Get Kane firing
The fact England's captain is yet to score at the tournament is either hugely exciting or a cause for concern. Does it suggest England, who have already scored nine goals in Qatar, have another attacking gear to find or will it catch up with them?
At the age of 29 and after his 78th England cap, Kane is the player he is: a world-class striker of the calibre most nations at the World Cup would sell the family silver to possess. His output speaks for itself.
We also know that Kane is less of a threat running in behind defences than he once was, especially if he is nursing an ankle whack sustained against Iran. He likes to come short, and either buy fouls or use his excellent vision and weight of pass to play in runners. His chances tend to come from crosses or cut-backs in the second phase of the attack.
Kane is contributing, with superb delivery from the right setting up Phil Foden against Wales and Raheem Sterling against Iran.
He is struggling to be a penalty-box threat from open play though, with a blocked shot set up by a Bukayo Saka pull-back against USA his only serious goalscoring opportunity. Kane has managed just three shots from open play in England's three matches. This is a player who has averaged more than three shots per 90 minutes in the Premier League in each of the last three seasons.
According to Opta data, Kane managed just five touches inside the penalty area in England's three group games.
Kane's touches against USA, attacking from left to right
France won the World Cup in 2018 without Olivier Giroud having a shot on target, and their centre-forward Stéphane Guivarc'h played six games in 1998 without scoring. Kane is better than those players though, and a more totemic figure in his team. England need Kane taking more shots from closer to goal to fulfil their potential. Perhaps Marcus Rashford blossoming as a support forward will help Kane's cause.
A valid defence of Kane's form is that the likes of Saka, Foden and Rashford would not be able to thrive on the extremities of the team without a fulcrum occupying defenders and being a reference point.
Defending in full-back areas
It was interesting that Southgate decided to pair club team-mates on the flanks against Wales: Kyle Walker and Foden on the right, and Luke Shaw and Marcus Rashford down the left (though the wingers later swapped).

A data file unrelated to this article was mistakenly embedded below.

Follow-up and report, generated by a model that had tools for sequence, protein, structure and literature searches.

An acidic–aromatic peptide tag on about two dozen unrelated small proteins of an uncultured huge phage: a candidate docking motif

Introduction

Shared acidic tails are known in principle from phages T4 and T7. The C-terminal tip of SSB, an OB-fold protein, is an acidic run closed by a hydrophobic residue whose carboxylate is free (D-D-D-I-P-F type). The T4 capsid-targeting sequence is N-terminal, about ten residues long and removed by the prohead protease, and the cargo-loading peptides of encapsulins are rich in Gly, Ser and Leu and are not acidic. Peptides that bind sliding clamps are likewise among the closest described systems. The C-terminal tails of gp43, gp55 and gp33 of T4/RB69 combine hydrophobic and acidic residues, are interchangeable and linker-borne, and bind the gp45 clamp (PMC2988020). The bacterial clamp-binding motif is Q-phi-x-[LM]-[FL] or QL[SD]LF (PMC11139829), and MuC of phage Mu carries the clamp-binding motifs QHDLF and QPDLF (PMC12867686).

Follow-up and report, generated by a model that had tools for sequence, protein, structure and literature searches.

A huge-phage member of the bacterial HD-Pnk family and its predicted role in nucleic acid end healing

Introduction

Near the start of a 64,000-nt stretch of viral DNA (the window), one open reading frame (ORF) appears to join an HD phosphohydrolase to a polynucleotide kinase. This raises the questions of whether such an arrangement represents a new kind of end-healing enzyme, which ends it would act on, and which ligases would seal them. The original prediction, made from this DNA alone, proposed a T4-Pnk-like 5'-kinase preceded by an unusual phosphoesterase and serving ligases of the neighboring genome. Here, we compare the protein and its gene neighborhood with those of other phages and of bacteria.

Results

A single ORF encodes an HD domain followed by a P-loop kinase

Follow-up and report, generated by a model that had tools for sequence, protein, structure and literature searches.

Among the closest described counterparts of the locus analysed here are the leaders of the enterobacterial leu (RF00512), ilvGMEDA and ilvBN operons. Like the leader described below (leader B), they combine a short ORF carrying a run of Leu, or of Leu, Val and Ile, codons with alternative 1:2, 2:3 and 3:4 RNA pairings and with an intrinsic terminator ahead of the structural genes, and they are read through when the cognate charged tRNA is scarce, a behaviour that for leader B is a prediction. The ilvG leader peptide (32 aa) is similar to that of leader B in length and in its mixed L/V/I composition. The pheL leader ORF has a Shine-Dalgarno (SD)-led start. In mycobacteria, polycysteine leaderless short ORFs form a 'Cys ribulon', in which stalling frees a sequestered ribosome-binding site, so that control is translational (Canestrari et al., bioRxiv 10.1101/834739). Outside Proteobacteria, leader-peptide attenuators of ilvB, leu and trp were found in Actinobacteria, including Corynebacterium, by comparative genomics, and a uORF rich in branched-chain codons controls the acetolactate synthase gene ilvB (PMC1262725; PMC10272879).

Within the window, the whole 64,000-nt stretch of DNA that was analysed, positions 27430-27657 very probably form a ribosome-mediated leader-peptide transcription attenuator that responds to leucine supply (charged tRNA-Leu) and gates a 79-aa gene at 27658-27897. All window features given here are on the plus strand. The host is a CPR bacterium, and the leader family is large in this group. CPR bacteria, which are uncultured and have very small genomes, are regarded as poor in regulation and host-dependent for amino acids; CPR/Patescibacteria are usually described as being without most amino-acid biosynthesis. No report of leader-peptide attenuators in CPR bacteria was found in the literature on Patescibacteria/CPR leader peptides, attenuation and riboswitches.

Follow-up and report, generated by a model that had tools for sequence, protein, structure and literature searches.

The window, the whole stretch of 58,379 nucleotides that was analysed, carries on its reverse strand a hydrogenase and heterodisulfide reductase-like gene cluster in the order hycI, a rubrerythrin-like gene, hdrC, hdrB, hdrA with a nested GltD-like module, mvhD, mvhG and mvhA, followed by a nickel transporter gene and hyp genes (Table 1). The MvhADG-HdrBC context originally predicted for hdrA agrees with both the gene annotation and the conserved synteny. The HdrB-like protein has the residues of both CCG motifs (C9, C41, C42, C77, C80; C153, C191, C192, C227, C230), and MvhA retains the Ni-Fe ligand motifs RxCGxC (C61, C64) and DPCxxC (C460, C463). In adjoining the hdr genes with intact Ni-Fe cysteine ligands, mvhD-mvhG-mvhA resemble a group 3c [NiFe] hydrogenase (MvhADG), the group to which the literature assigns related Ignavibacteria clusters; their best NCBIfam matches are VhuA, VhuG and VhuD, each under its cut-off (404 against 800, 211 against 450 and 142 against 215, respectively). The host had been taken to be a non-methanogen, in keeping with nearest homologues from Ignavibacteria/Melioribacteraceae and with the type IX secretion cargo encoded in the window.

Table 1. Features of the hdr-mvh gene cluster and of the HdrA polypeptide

Against USA, the defensive distances between winger and full-back were a problem for England, allowing Antonee Robinson and Sergino Dest to exit down the sides under no pressure. Kieran Trippier and Bukayo Saka appeared to lack understanding, with Trippier not squeezing up when the Arsenal man went to press, or Saka not dropping off into shape when his right-back was occupied.
One other thing to keep an eye on is England's shape when building play. Against a limp Wales team sent out to contain, on several occasions they built with their back four fanned out, with both full-backs wide and close to the touchline. This could have been a tactic to try and stretch out Wales' passive 4-4-2 shape. With two of the midfield three pushed high in the pockets, it leaves the half-spaces free for the opposition to counter-attack into if the ball is turned over (positively cavalier from Southgate!). These are the spaces Senegal's Ismaila Sarr will be eyeing up.
England's full-backs either need to make sure their recovery runs are diagonal to contract into this central space, or adopt a more narrow position in the build-up to protect against the counter. The return to fitness of Walker can help on both counts, with the Manchester City right-back inverting on occasion against Wales.
More likely is that we see more of England building with Walker on the right of a back three against more potent opposition in the knockout stages.